The webinar discusses the cyclical changes in employment and the significant structural trends. There is also an important dimension of precarious work being taken on voluntarily and workers forced to accept precarious positions involuntarily. Understanding the labour market trends help to inform a discussion about the appropriate policy tools to support workers better. In this recorded webinar, Craig Alexander discusses policy options, including reforms to the Employment Insurance system and the potential merits of a basic income program.
In this 60-minute recording, Craig gives a comprehensive analysis of precarious work, such as:
- Canada has had job creation boom over the last year and the national unemployment rate is near a 30 year low. However, an increasing number of workers are in precarious employment—in other words, positions that are not full-time permanent work.
- Temporary, contract employment has grown at twice the pace of overall employment.
- Demographics, globalization and technical change are all contributing to this trend, but among these factors, technological change is likely to dominant driving force.
- Canada needs to craft policies to better support workers. Existing programs are outdated, as they are still designed for the full-time permanent workers of the past that experience a short-term period of unemployment.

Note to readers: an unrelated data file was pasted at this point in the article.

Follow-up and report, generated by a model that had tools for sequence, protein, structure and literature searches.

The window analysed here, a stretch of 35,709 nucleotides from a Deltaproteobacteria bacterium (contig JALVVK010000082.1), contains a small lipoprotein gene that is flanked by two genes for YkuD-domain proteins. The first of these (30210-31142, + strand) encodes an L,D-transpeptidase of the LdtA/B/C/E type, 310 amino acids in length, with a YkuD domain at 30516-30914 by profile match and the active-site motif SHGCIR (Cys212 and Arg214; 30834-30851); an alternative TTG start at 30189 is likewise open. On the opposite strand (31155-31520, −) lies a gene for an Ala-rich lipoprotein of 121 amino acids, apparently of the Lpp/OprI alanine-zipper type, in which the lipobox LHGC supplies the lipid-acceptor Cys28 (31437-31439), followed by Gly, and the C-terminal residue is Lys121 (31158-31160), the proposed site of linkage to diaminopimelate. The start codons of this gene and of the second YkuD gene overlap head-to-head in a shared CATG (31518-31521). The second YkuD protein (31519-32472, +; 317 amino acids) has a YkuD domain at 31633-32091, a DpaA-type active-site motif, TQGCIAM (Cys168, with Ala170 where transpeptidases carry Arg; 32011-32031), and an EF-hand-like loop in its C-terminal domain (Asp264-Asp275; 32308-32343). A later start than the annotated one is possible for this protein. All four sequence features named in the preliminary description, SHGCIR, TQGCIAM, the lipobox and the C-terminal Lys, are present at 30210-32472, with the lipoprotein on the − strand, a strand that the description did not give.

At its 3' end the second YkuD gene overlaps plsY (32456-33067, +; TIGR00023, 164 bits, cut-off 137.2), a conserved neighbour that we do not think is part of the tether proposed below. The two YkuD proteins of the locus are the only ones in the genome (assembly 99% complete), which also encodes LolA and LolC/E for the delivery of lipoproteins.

Craig Alexander brings more than 20 years of experience in the private sector as an economic and financial forecaster to the position of Senior Vice-President and Chief Economist. Craig oversees the Board’s macroeconomic outlook products and its custom economic and tourism research. He joined The Conference Board of Canada in September 2016.
Most recently, Craig was the Vice-President of Economic Analysis at the CD Howe Institute. Previously, he was Senior Vice-President and Chief Economist for TD Bank Group—the second largest bank in Canada and the eighth largest in the United States. During his tenure, he led a large team of economists providing in-depth analysis to TD’s divisions and clients. Prior to joining the private sector, he spent four years as an economist at Statistics Canada.